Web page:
Birds That Build Nests On Houses: Identification And Removal Guide

Finding a bird’s nest attached to the exterior of your home can be a surprising sight. If you’ve noticed nests appearing on the sides of your house and want to identify the culprits, this guide covers which bird species build these nests and how to remove them safely.

In brief, swallows, robins, mourning doves, barn swallows and phoebes are common birds known to build mud or grass nests on homes. While removing them can be tricky, there are humane methods to coax birds to nest elsewhere.

Common Bird Species That Build House Nest


Swallows are known for their distinctive forked tails and graceful flight patterns. They are skilled builders and often choose to make their nests on the sides of houses. Swallows typically build cup-shaped nests out of mud, which they attach to the eaves or other suitable surfaces.

These nests are lined with feathers, grass, and other soft materials to provide a comfortable environment for their young. The presence of swallows can be beneficial as they feed on insects, but their nests can cause some inconvenience.

If you encounter a swallow nest on your house, it is important to remember that they are protected by law in many countries. It is best to wait until the birds have left the nest before removing it.


Robins are well-known backyard birds that often build their nests on or near houses. These birds typically construct cup-shaped nests out of twigs, grass, and other plant materials. They often choose locations such as window ledges, porch lights, or other sheltered areas.

Robins are known for their beautiful songs and their tendency to start singing early in the morning. While their presence can be enjoyable, their nests can sometimes cause problems, such as blocking ventilation or causing a mess with droppings.

If you need to remove a robin’s nest, it is best to do so when it is not actively being used.

Mourning doves

Mourning doves are a common sight in many residential areas, and they often choose to build their nests on houses. These birds build simple nests made of twigs and grass, usually in a sturdy location such as a window ledge or a tree branch.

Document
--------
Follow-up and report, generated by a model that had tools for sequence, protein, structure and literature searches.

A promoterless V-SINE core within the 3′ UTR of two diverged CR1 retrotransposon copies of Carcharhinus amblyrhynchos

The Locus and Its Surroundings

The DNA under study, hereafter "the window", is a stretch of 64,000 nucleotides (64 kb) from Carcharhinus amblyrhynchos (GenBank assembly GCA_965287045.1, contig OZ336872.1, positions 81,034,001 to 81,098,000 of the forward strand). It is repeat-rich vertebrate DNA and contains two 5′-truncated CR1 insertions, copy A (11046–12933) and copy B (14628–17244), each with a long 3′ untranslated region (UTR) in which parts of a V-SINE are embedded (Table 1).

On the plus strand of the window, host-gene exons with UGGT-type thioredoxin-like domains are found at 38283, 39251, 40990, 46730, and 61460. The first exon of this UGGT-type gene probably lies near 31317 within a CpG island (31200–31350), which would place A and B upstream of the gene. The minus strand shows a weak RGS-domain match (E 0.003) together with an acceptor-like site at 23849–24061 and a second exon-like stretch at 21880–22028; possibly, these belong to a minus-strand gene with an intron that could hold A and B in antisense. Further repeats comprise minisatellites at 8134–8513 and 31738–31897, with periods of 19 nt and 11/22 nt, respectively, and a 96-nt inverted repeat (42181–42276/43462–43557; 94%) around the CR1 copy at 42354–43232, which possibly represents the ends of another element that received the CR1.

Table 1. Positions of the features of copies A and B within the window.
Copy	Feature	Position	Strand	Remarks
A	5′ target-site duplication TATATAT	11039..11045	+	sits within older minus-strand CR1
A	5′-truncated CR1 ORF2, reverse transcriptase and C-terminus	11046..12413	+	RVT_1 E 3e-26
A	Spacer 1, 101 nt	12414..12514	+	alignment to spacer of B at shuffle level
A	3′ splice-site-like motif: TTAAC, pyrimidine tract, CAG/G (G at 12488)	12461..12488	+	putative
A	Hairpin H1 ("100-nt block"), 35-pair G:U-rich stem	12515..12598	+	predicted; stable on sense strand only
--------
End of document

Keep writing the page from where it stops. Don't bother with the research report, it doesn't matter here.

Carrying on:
Mourning doves are known for their mournful cooing sounds and their gentle nature. If you find a mourning dove nest on your house, it is important to be cautious when removing it. These birds are protected by law in many places, so it is best to wait until the nest is no longer being used before taking any action.

Barn swallows

Barn swallows are aptly named for their preference for building their nests in barns, but they may also choose to nest on houses. These birds construct cup-shaped nests out of mud, which they attach to vertical surfaces such as walls or beams.

Barn swallows are known for their distinctive forked tails and their acrobatic flying abilities. While their nests can be a nuisance due to the mess they create, it is important to remember that they are protected by law in many areas.

If you need to remove a barn swallow nest from your house, it is best to wait until the birds have finished nesting.


Phoebes are small, insect-eating birds that often choose to build their nests on houses. These birds construct simple nests made of mud and moss, which they attach to sheltered areas such as walls or under eaves. Phoebes are known for their distinctive calls, which sound like their name “fee-bee.”

While their nests may not cause significant issues, they can be a source of mess and noise. If you need to remove a phoebe’s nest, it is best to do so when it is not actively being used. It is important to note that phoebes are protected by law in many countries and should not be harmed.

Why Birds Nest on Houses

Birds have a natural instinct to build nests for breeding and raising their young. While they typically prefer to nest in trees and natural habitats, some species have adapted to nesting on houses. There are several reasons why birds choose houses as their nesting spots.

Attracted to ledges and overhangs

One reason birds nest on houses is because they are attracted to ledges and overhangs. These features mimic the natural ledges found on cliffs and rock formations, providing a secure and elevated location for their nests.